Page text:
This time it is different in several respects. One – which may be hugely helpful – is that expectation is astonishingly but also reasonably low. Given the capacity of previous England squads for what has felt to the proverbial man-in-the-street like frankly pretty pathetic capitulation – being ‘overwhelmed’ by either the ‘occasion’ or the opposition or both – the absence of this pressure may liberate those few spirits capable of courting the higher aspiration to excite.

There is optimism around Oxlade-Chamberlain but I personally was disappointed with his performance against the Belgians. He tried unconvincingly to appear the dashing young thing but like Walcott so often before him ultimately lacked the control, the dribbling skills that presumably had gotten him picked in the first place. In short he was nervy and he looked therefore like a school-kid trying to break into a grown-man’s set-up. I hope that unlike Walcott his confidence and his skills genuinely blossom with age and experience and that he does get the opportunity to develop. But – again, like the other boyish flyer – he is not worth a starting place in an England championship side, for me.

Young is an interesting one. Clearly a talent, clearly a danger in the sense that he may be the one to draw Limey ignominy around the globe through worryingly instinctive diving for a key spot-kick. (Imagine if he does that against one of the host nations… to get our lot an undeserved win!! The latent or explicit racism around the place might be lit up rather unpleasantly – even dangerously – by such an incident.) And who knows if it matters… but I personally would feel deeply ashamed and regretful if one of our lot brazenly cheated to get the team through; particularly if – as may well be the case – our general play is negative and ungenerous to the spirit of the tournament; assuming there is one.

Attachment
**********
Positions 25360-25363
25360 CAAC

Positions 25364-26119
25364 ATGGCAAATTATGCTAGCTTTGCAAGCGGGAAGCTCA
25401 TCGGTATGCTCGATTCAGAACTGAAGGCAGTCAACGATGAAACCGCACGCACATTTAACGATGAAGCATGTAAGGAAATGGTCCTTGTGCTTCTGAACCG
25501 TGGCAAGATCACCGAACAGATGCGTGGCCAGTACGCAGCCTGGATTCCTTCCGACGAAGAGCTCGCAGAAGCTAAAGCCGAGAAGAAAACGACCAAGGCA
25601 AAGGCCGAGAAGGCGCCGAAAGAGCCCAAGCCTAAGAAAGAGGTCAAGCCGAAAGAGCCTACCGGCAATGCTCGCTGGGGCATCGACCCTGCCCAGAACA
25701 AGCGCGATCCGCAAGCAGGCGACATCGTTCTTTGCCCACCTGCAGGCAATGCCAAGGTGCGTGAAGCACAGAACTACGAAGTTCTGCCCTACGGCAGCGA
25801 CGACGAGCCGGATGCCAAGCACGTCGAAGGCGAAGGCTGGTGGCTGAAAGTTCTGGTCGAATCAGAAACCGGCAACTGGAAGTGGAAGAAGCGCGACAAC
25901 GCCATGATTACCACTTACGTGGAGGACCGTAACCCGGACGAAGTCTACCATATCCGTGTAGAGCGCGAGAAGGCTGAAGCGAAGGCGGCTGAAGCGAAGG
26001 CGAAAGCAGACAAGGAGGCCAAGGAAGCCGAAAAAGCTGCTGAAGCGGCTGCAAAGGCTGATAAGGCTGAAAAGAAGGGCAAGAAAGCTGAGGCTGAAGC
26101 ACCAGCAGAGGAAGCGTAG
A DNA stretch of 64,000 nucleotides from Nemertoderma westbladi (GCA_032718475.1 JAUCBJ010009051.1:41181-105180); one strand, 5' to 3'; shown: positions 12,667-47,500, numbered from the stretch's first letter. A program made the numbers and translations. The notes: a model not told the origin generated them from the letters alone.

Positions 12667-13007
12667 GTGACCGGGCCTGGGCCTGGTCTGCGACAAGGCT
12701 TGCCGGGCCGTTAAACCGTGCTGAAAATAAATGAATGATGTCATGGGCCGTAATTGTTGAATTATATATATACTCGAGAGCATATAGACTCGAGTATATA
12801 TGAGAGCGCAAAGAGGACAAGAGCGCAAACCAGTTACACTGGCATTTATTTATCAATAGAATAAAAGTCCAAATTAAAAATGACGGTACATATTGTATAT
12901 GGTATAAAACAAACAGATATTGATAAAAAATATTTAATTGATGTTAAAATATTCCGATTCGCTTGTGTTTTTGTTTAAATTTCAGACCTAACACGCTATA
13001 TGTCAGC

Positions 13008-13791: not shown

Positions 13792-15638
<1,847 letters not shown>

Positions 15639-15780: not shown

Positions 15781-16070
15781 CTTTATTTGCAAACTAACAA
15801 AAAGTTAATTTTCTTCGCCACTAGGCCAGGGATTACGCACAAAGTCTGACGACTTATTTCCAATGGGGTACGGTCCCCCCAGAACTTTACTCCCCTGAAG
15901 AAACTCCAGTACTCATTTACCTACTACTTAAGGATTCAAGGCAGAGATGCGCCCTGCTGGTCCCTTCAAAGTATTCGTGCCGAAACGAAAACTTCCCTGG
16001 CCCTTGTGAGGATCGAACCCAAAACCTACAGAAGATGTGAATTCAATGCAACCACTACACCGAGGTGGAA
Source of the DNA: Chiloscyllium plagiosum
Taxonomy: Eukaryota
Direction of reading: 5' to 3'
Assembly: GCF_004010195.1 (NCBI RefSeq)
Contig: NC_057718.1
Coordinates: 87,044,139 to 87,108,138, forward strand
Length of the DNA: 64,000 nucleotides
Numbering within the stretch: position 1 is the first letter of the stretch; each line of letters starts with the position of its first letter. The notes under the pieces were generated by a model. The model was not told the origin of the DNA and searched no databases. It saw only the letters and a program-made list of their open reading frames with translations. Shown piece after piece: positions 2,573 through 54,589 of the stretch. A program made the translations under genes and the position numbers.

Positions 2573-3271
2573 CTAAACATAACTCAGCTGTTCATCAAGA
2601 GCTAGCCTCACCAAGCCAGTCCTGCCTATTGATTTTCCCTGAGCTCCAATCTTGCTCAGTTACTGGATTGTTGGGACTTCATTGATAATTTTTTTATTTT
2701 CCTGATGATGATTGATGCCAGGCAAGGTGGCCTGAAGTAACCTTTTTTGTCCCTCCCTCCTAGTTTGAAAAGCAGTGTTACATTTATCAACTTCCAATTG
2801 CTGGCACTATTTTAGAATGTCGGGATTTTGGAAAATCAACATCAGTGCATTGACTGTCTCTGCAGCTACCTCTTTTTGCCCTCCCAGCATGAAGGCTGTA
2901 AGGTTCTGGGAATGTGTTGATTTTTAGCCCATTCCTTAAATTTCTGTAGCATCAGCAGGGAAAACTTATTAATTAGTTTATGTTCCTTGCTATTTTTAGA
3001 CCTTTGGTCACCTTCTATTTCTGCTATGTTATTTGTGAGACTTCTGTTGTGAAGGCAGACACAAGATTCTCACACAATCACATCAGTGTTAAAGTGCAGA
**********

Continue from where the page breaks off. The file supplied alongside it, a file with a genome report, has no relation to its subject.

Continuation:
I expect the general standard of play to be unremarkable, which again may allow our thin pool of talent to proceed beyond current expectation; but cannot see how England may find that necessary gear-change or splash of sweet, heart-stopping beauty to transform dull draw to foamy win. If Milner starts, I can’t help but see this as a marker for how pallid we currently are – poor Jimmy being more fit-for-purpose in the column role as ‘half the player he was 18 months ago’ than livewire wide-man. There is almost no possibility that he will actually beat an opposition defender, get to the byline and cross; instead he will hold; hold and roll the ball back to Johnson or Parker. This tendency for ease being dully infectious, there will, therefore, be almost no discernible momentum in the English play. And we will be easy enough to stop.

This reads depressingly, perhaps. Yet I cannot make a case for impervious defence or for imperious attack. It will be structured mediocrity; one that may be good enough, or may be swiftly exposed for what it is. And whilst I really do have some respect for Hodgson, perhaps it is pertinent to remind ourselves that there seems no likelihood that England will attack with any verve or belief; again.

What I’d like to see is some genuine fearlessness, some real want of the ball, rather than a repeated avoidance of responsibility – that waiting, that pointless offloading as opposed to constructive and purposeful ball-retention. Generally guys, give us what a wordy old arse like me might call some honourability; the game needs that, the fans (home and away) deserve that.

My view then has to be that England are unquestionably mediocre… but can they just raise something? Please?

Absolutely drab, Fab.

I didn’t want to contribute to Arrivederci-ville overkill but hard not to, in truth. Who doesn’t have an opinion on the smart exit of the cultured by slightly man-out-time Italian? Who doesn’t have a view of our ‘Arry’s flair, his money, his undoubted love of a loyal dog? (With money.) The thing is ripe for opinion and rich ground for the extrapolation of theories as diverse as the modus operandum of the two protoganists.